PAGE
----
"Heraclius encamped (?) on the steppes at the shores of the Kura, ten miles south of Baku. There Gibbon says ... At his command the soldiers extinguished the fires and the temples of the Magi. Twelve years later, Persia was vanquished a second time by the Arabs who at the edge of the sword converted the people from fire worship to the Musalman faith. Large numbers fled to Ormuz, thence to India and gave origin to what are now the Parsees of Bombay."
It is said that the Lithuanians, the U.S.S.R. neighbors, also used to visit Azerbaijan to worship these fires.
The real story behind Gibbon mentioning about the destruction (extinguishing) of the Baku’s Zoroastrian Aatash Kadehs at the hands of Heraclius is as follows: The Persian Emperor, Khushroo Perviz, attacked the holy Christian places in Palestine and carried with him to Iran the holy cross on which Jesus Christ was crucified. In revenge for carrying this Cross to Iran, this Roman Emperor destroyed the Iranian Aatash Kadehs.
Now there is a minaret here which is called “Kiskale” or Tour de la jeune fille in French, meaning Young Girl’s Minaret. There is a local legend, which is doubted by many, which states that one father wanted to marry his own daughter. The daughter made a deal with her father that: “If you build a tall minaret and when it is completed, I will marry you.” When the father completed the minaret, the daughter climbed at its top and fell off and committed suicide. Now my guide told me that this is not a true story and there was nothing to wonder about it. If the daughter did not want to marry her father, there were many ways she could have committed suicide. Moreover, this is not a simple minaret. In it there are seven stages or storeys or escape routes for the emission of Baku’s Naphtha. I examined the minaret all the way to its top. There at the top was a tablet in Farsi with the inscription: “Kooba-a-Masood bin Daaood”, meaning “House of Daaood’s son, Masood.” Now, some of the local people believe that this is a very ancient building, of Sassanian times or even older than that. And it was built as a copy of the ancient Babylonian Minarets. And about eight hundred years ago, one emperor, Masood, created this tablet to commemorate his name. If he himself had built it, he would have mentioned that in a foundation stone together with its Hijri (Muslim) date.
According to my examination, I think the above opinion is correct. This is an ancient Iranian building and it is an Aatash Kadeh. It is not a common Aatash Kadeh with its fire maintained by burning wood by its priests. But it is an Aatash Kadeh fed by the natural gases, Naphtha, (apaam Napaat). Haft or seven is a very holy number in Zoroastrian religion and hence there are seven storeys or stages in it. At each storey, in one corner, there is an escape hole for the natural gas Naphtha which when lit created a fire ball. This minaret is taller than 80 feet. The climbing steps are on one side and its diameter at the top is as large as forty feet. From the top, you can see the vast sea shore of Vourukash sea (Caspian sea), and from its ramparts you can observe the nature’s sun, moon, and stars.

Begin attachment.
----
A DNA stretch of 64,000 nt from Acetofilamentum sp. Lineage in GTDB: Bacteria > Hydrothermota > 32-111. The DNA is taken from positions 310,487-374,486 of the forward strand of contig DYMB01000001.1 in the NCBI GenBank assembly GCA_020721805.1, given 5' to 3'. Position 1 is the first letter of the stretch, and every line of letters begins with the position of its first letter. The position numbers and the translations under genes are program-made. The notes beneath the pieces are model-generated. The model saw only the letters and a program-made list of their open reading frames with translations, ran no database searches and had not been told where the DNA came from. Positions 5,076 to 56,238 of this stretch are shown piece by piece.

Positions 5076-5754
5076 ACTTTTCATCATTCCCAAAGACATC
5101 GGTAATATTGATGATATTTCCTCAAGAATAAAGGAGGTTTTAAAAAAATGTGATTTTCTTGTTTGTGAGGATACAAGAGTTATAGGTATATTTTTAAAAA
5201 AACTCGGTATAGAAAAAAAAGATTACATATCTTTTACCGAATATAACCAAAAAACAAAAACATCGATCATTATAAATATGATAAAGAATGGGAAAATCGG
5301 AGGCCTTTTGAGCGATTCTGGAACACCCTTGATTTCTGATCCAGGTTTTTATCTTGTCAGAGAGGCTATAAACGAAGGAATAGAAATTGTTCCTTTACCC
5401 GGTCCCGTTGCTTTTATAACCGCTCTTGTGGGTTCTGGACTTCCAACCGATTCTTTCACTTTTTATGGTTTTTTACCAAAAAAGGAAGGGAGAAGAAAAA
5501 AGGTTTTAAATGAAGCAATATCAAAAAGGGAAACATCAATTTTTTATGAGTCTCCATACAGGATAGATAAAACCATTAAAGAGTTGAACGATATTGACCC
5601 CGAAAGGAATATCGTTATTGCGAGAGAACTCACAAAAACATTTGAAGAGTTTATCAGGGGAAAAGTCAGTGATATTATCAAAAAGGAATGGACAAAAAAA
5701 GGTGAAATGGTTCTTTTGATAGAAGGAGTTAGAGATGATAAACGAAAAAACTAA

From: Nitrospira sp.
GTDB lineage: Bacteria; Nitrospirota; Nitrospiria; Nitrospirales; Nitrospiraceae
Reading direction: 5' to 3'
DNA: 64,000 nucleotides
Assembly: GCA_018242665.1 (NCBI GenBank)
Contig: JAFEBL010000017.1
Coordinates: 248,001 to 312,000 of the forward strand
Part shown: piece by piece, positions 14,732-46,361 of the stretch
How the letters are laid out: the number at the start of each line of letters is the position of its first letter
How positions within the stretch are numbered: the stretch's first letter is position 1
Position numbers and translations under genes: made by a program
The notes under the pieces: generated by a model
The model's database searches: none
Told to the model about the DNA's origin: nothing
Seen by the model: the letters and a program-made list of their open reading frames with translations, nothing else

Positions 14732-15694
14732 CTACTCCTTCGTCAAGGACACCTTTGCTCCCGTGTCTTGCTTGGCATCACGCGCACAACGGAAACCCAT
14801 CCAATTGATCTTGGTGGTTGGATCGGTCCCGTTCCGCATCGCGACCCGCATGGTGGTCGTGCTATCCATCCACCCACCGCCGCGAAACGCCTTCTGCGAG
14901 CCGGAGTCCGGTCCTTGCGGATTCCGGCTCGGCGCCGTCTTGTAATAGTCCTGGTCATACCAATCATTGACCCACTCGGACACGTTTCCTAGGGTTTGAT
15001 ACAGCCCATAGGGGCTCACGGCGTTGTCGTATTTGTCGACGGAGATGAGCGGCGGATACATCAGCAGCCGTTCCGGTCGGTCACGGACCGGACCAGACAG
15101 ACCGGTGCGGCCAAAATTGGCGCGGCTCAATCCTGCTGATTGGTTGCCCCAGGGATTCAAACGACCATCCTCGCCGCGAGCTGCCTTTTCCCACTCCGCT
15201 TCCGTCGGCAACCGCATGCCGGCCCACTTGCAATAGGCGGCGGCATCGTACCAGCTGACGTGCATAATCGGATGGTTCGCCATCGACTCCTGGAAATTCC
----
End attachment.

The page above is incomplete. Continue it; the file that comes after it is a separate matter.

Now, in our country, India, in the ruins of that famous ancient city of Taxila near Rawalpindi city, Sir John Marshall has excavated the ruins of an ancient Aatash Kadeh. I have commented about it before in this book, as well as I have spoken about it in my lecture on “Patliputra” (present day Patna, of the famous king Chandra Gupta of the Maurya dynasty). With this Aatash Kadeh, there was a tall minaret which was built according to the architecture and design of the ancient Babylon’s Ziakurut. An Aatash Kadeh with its adjoining minaret, from the top of which one can see the neighboring sea or river or lake and from its top one can observe the sun, moon, stars, and mountains and worship them, such was the design of ancient Aatash Kadehs. I have mentioned it before in this book that our Aatash Behraam in Navsaari is built according to the architecture of ancient Aatash Kadeh. Here in Baku, this minaret which was connected with Babylon by my guide is a combined Aatash Kadeh and minaret in this huge building. In fact, this was not a common Aatash Kadeh where fire was kept lit with sandalwood or dried wood, but was naturally lit by the natural gases of Naphtha (Apaam Napaat).